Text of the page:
One question that most victims of ransomware attacks on their smartphones always ask is whether they can spread it to their computer network. Fortunately, ransomware that targets mobile phones can not run on operating systems such as Windows, Linux, and macOS. This is because most smartphone devices run on either Android or iOS operating systems. These systems are incompatible with PC operating systems. However, if a smartphone is running on either Windows OS or Linux OS, there is an increased risk that it can infect your computer system if they are running the same operating systems as your smartphones.

2. Spyware

One of the biggest stories of 2021 about cybersecurity threats posed by mobile phones involved the Pegasus spyware, an Israeli-made spyware that laid dormant deep inside operating systems of mobile phones and was able to spy on every action smartphone users were doing. The spyware came to light after it was found in phones belonging to heads of state, activists, and journalists.

Veterinary practices also have to be aware of such software because it can be used to target them. Once spyware is installed in a device, it is very hard to detect that your phone is infected. For instance, if a practice owner’s smartphone is infected, it means that all communications with clients are monitored, all emails read, and every account that is connected with the device is also monitored. Applications and services such as email servers and practice management systems are regularly compromised without their knowledge, and data is constantly stolen. Unfortunately for them, if a device is infected, unless you change it, cyber criminals will always have access to all your data and accounts.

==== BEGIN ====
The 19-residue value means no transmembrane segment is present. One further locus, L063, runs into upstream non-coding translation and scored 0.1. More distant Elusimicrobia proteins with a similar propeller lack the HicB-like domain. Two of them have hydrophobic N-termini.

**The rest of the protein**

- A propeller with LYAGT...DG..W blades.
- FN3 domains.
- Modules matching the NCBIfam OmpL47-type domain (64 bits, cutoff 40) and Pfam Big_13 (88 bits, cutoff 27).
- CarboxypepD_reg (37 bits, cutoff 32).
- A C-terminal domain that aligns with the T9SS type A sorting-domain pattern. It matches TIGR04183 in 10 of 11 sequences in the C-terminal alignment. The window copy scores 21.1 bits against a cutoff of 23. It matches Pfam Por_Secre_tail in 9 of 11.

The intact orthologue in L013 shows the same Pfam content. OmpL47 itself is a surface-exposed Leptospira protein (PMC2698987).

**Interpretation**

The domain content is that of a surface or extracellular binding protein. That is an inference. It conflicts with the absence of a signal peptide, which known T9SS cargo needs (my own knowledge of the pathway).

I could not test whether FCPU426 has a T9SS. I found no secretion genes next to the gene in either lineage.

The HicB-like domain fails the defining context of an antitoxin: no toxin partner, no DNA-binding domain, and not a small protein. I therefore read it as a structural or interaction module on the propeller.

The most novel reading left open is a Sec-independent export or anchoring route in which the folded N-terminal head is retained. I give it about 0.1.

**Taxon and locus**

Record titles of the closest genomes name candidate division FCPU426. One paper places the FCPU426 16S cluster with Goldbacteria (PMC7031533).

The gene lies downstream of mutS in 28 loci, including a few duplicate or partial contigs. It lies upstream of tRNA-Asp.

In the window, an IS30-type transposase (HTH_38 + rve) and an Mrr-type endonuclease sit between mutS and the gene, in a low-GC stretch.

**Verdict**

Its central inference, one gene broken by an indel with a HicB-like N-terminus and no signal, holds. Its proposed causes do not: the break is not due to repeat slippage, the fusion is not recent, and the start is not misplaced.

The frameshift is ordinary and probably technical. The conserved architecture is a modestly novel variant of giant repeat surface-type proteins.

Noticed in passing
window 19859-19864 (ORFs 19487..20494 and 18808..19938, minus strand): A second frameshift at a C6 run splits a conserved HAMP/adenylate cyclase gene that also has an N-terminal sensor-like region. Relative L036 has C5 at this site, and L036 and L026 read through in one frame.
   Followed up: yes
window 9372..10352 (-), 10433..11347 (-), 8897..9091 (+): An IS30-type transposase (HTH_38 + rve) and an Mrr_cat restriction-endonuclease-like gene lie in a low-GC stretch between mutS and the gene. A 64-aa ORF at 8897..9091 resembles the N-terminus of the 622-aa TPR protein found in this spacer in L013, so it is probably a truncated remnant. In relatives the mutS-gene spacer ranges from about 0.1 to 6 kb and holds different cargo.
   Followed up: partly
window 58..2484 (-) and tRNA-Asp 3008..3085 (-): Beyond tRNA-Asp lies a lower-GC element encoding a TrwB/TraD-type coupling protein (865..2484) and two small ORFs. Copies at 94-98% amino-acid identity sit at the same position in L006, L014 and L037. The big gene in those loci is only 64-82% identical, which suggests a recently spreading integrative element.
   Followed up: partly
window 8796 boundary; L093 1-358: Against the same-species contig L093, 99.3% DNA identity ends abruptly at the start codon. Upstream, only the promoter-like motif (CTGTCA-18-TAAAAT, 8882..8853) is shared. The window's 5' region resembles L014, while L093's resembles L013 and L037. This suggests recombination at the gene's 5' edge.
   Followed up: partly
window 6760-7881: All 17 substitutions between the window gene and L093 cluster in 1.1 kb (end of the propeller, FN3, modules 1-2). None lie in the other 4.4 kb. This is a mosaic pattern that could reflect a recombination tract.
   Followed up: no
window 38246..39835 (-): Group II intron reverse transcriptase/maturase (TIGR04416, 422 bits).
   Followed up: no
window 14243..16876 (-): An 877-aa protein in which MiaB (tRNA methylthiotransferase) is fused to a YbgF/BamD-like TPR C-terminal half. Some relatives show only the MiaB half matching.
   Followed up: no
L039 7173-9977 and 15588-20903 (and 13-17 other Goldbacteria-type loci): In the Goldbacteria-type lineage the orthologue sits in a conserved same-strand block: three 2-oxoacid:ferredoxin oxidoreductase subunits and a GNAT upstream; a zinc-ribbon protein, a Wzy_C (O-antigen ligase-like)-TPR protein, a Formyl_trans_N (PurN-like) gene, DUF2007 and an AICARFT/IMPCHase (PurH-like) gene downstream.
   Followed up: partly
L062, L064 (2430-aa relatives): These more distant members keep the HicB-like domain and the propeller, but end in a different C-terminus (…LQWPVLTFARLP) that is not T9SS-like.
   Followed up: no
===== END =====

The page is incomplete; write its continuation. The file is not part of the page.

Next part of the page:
3. Phishing

Cybercriminals now realize that phishing from people on smartphone devices is easy than those using personal computers. This is because, in mobile devices, there are many attack vectors that can be used for phishing. This includes apps that request permissions of your files, contacts and using other applications. Mobile phone phishing also has a high reach than computers. This is because virtually everyone has smartphone devices, including people who are not conversant with cybersecurity threats. This means that phishing methods such as setting a fake application that looks similar to a legitimate practice management system, including details such as logo and names, are possible using a mobile phone.